Monday, February 24, 2020

getting blown off at the weekend

Two motivational celebrity quotes for you today. The first is from the great Bill Hicks, whose views on the desirability of exciting and diverse weather I wholeheartedly share (the bit quoted here was talking about the prevailing weather in Los Angeles):

Secondly, dear, dear Larry Olivier was apparently once quoted as saying something like: if you really want to be an actor, you will; if you end up not being one, you just didn't want it enough. Now this may very possibly be one of those motivational quotes that some Californian loony cooked up in order to sell his latest bullshit "life coaching" course to rich gullible people, and then decided it would acquire some unearned gravitas if he attached some famous person's name to it. Winston Churchill is the name people usually attach to these things, and indeed some people I know have this "quote" prominently displayed in their house despite its being pretty clearly late-20th-century psychobabble and not something Churchill would ever have said. CRITICAL THINKING, people.

I digress. The point of those two quotes, and their relevance to what follows, is to celebrate varied and exciting weather conditions, even those which are intermittently inconvenient, and to venture the theory that when conditions are a bit arduous and some on-the-hoof re-planning and re-prioritising may be required, a bit of mental fortitude may also be required to push through and achieve your objective, whatever it may be.

No doubt this is wisdom applicable to various situations, but here I specifically have in mind the walk I and my friend Alex did on Saturday. I had been granted a childcare-obligation-free day as a sort of birthday present to go and do a walk of my own devising, so I'd devised a new route up Pen y Fan, a mountain I have been up more times than I can remember, but even restricting myself to trips recorded on this blog ascended in 2008, 2009 (a post which includes a couple of summit pics from older, pre-blog, ascents), 2010, 2013 and 2018 plus an abortive attempt in 2007.

Those trips encompassed a variety of different routes in an attempt to keep things fresh and interesting - Saturday's route was meant to involve ascending via the Cefn Cyff ridge to Fan y Big, skirting round the south side of Cribyn to bag Pen y Fan, and then heading back to the summit of Cribyn and down via the Bryn Teg ridge. Both of those ridges were unexplored territory for me.

So we parked up at Cwmgwdi, the main car park for assaults on the eastern Beacons from the northern side, and set off. When we reached the farm at Cwmcynwyn, though, it soon became clear that the innocuous word "Ford" on the OS map hid a world of raging watery terror in the wake of Storm Dennis, and that the Nant Cynwyn brook, which you could probably step over in summer, was not going to be passable without full-body immersion and possibly death. So we devised plan B, which was to head up Bryn Teg instead, do Cribyn and Pen y Fan and head back down the Cefn Cwm Llwch ridge which takes you straight back to the car park.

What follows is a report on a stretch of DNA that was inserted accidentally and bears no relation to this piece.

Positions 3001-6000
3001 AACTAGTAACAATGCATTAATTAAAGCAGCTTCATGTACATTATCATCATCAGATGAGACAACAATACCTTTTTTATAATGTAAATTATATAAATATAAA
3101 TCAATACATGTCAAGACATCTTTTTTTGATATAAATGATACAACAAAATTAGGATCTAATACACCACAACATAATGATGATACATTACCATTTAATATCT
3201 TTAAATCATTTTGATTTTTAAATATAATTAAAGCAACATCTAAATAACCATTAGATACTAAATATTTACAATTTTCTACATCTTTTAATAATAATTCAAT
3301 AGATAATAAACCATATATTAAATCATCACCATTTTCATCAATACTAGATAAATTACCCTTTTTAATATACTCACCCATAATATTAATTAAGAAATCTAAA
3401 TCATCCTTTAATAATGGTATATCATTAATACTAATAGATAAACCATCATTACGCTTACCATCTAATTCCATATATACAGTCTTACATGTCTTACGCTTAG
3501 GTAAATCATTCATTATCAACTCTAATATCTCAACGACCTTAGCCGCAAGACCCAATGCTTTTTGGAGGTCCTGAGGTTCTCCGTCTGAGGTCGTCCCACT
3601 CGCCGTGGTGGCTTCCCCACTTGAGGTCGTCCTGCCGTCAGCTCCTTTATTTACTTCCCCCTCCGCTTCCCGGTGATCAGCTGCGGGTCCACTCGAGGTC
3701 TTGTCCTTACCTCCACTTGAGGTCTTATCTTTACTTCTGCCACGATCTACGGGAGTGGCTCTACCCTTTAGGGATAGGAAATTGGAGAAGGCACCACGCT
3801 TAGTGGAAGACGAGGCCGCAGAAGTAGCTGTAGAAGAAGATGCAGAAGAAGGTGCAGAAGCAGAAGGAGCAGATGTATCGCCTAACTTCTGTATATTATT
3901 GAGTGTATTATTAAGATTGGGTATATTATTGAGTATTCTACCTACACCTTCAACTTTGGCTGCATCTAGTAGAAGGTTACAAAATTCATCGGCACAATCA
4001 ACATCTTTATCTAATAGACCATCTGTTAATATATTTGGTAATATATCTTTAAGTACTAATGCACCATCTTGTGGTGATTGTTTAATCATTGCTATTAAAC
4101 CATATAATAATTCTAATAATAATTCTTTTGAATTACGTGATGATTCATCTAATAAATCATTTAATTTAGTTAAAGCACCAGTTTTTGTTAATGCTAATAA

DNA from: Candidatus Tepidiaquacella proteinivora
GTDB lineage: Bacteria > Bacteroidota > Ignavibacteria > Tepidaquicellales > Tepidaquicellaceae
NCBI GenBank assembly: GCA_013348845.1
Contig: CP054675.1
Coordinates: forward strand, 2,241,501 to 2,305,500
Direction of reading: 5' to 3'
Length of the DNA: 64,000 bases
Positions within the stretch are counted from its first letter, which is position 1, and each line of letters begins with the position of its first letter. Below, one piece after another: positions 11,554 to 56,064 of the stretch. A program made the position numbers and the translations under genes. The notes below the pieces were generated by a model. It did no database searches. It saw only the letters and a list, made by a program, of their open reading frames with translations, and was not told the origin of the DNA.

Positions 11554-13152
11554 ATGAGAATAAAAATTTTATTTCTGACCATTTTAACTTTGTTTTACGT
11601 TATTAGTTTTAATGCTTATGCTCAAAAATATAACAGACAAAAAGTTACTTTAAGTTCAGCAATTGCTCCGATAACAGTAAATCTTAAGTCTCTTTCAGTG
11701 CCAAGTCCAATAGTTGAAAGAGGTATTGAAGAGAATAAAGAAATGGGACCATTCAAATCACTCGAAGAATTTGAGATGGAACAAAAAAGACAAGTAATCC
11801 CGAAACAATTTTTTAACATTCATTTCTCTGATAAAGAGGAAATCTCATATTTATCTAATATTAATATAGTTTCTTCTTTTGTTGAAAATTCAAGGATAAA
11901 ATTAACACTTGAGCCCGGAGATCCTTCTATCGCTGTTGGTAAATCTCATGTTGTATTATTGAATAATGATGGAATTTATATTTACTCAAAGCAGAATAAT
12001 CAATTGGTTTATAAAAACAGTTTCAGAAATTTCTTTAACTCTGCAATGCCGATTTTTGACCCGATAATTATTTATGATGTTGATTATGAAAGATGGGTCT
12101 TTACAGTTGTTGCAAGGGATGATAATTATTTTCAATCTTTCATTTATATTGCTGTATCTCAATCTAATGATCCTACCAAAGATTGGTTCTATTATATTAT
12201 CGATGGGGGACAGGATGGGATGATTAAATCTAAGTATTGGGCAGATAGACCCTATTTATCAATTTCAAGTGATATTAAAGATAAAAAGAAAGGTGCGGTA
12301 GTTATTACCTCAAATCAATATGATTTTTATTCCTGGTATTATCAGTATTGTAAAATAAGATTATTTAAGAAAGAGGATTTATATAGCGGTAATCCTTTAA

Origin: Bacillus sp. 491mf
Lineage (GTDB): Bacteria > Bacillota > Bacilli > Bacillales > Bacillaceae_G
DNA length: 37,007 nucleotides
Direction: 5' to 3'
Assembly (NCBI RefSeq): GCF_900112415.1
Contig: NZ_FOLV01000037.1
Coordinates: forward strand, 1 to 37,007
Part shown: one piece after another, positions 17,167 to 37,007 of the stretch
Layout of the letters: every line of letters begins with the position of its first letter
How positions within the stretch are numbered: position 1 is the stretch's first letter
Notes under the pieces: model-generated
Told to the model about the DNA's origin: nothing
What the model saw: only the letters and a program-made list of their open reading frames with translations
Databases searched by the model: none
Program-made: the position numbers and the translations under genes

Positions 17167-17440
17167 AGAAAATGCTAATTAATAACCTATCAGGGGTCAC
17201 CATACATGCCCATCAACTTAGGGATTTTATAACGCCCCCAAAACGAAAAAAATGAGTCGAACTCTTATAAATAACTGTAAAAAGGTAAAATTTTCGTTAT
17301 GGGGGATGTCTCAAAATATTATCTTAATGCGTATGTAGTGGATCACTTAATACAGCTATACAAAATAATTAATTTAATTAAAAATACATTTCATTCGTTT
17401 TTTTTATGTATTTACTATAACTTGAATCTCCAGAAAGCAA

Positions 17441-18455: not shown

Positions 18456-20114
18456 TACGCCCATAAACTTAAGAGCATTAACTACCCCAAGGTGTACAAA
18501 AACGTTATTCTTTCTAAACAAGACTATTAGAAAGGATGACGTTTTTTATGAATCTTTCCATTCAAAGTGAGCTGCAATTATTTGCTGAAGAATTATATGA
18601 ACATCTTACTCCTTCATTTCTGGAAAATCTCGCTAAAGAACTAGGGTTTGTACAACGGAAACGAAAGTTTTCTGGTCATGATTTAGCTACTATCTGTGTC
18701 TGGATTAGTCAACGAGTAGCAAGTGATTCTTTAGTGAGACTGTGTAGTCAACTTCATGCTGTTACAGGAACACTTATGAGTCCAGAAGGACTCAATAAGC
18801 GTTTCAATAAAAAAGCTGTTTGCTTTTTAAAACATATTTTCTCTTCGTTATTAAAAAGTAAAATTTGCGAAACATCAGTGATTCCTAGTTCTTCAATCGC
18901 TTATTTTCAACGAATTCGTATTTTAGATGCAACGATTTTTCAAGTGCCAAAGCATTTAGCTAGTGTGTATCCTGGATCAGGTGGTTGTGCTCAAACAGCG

Once we got onto the ridge, though, another problem presented itself. Not the usual rain or low cloud (visibility was actually pretty good most of the day), but being battered flat by high winds. An inconvenience you can laugh off when on a wide whale-backed ridge, but the last section up to Cribyn is a steep scramble up a narrow ridge with steep drop-offs on either side, and we reluctantly concluded that it probably wasn't a good idea. This presented a problem, though, as Cribyn had to be got over or round if we were going to get to Pen y Fan. So we adopted the time-honoured approach to crisis management and real-time route adjustment: sit down and have a pork pie and devise Plan C.

Having dropped off the eastern side of the ridge to facilitate wind-free pie consumption it became apparent that a bit of pathless but uncomplicated descent would enable us to intersect with the major path which crosses the east-west ridge at Bwlch ar y Fan. From here we skirted round the south side of Cribyn and up onto the Pen y Fan summit plateau, where we were once again exposed to the wind, and (as you can see below) barely able to stand for the summit picture - luckily there were some other nutters up there who were happy to do photo duty, as I wouldn't have fancied trying to wield a selfie stick. From there it was a straightforward but wind-battered descent back to the car park. A very respectable 9 miles in extremely challenging conditions, rather than the 12-13 miles the original walk would have been, but I was delighted just to get something meaningful done in the circumstances. Route map, altitude profile and summit shot are below. You'll note that the red-lined route forms the shape of a boot with Pen y Fan at the heel, appropriately given the amount of ASS that was KICKED by our efforts. A small number of photos can be found here.

1 comment:

Emma said...

Great pics. Like the one facing up to a chicken.